My recommendation is going to still be get a monitoring tool.
If that is not an option, you are going to need a linked server or SSIS or something in place so your central server can query all of the other servers and get the information. And what will make that fun is what sort of limits are you putting in place? is it a generic limit (like when less than 10% is free in the log send an alert) OR is it configured per server?
Personally, I like the configured per server approach as having 10% free on a 4 GB tlog is a lot different than 10 % free on a 1 TB tlog. And it is likely that your databases have different configurations for tlog size.
The other fun part about that is your central server is going to need a scheduled job to handle the data retrieval and alerting. So you will also need to determine how frequently it needs to run AND make sure you don't have overlap. You also need to decide if you care about historical data or not as that will change the design as well.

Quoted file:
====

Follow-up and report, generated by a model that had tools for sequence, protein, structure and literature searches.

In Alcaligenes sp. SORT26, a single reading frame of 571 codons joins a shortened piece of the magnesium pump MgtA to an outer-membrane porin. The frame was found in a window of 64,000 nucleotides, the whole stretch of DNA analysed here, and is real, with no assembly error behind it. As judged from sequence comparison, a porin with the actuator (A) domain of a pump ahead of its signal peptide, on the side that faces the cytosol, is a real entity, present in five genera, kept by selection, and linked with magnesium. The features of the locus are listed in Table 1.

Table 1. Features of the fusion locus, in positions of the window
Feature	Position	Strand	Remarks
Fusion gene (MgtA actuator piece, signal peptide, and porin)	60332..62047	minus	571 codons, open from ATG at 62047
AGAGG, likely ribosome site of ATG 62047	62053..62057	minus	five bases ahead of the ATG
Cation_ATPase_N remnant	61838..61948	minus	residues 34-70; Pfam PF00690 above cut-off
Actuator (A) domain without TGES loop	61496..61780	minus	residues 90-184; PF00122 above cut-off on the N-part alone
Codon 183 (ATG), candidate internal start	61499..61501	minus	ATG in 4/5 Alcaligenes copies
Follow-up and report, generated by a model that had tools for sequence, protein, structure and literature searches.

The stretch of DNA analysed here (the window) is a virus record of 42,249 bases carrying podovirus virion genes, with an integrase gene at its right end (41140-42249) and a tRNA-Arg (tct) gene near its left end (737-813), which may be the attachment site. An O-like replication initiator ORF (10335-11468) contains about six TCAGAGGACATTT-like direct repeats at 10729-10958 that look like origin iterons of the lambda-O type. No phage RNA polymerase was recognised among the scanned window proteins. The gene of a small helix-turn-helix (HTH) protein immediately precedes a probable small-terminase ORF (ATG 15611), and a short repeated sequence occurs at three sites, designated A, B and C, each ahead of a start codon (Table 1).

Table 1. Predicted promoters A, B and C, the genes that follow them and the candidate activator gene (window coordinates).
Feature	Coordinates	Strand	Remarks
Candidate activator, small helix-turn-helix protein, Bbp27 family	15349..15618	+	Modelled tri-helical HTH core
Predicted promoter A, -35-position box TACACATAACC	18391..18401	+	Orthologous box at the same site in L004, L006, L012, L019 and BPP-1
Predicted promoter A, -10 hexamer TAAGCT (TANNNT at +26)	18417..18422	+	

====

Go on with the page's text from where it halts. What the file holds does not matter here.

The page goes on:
My opinion, you are reinventing the wheel and would benefit from a DB monitoring tool. But if that is an approach that you have no control over, I would decide if you want to use linked servers OR SSIS or some other method. The pain in the butt part is that any time you make a new database, you will likely need to update the process. Going with the linked server approach, you can query [LinkedServer].[master].[sys].[databases] to get the list of databases then some fun dynamic SQL to query all of the database sizes (using the DMV sys.dm_db_log_space_usage).
The problem that MAY come up from this is that DMV isn't available in all versions of SQL Server (2008 R2 for example doesn't have it). But if all of your SQL instances are 2016 or newer, you should be good to go.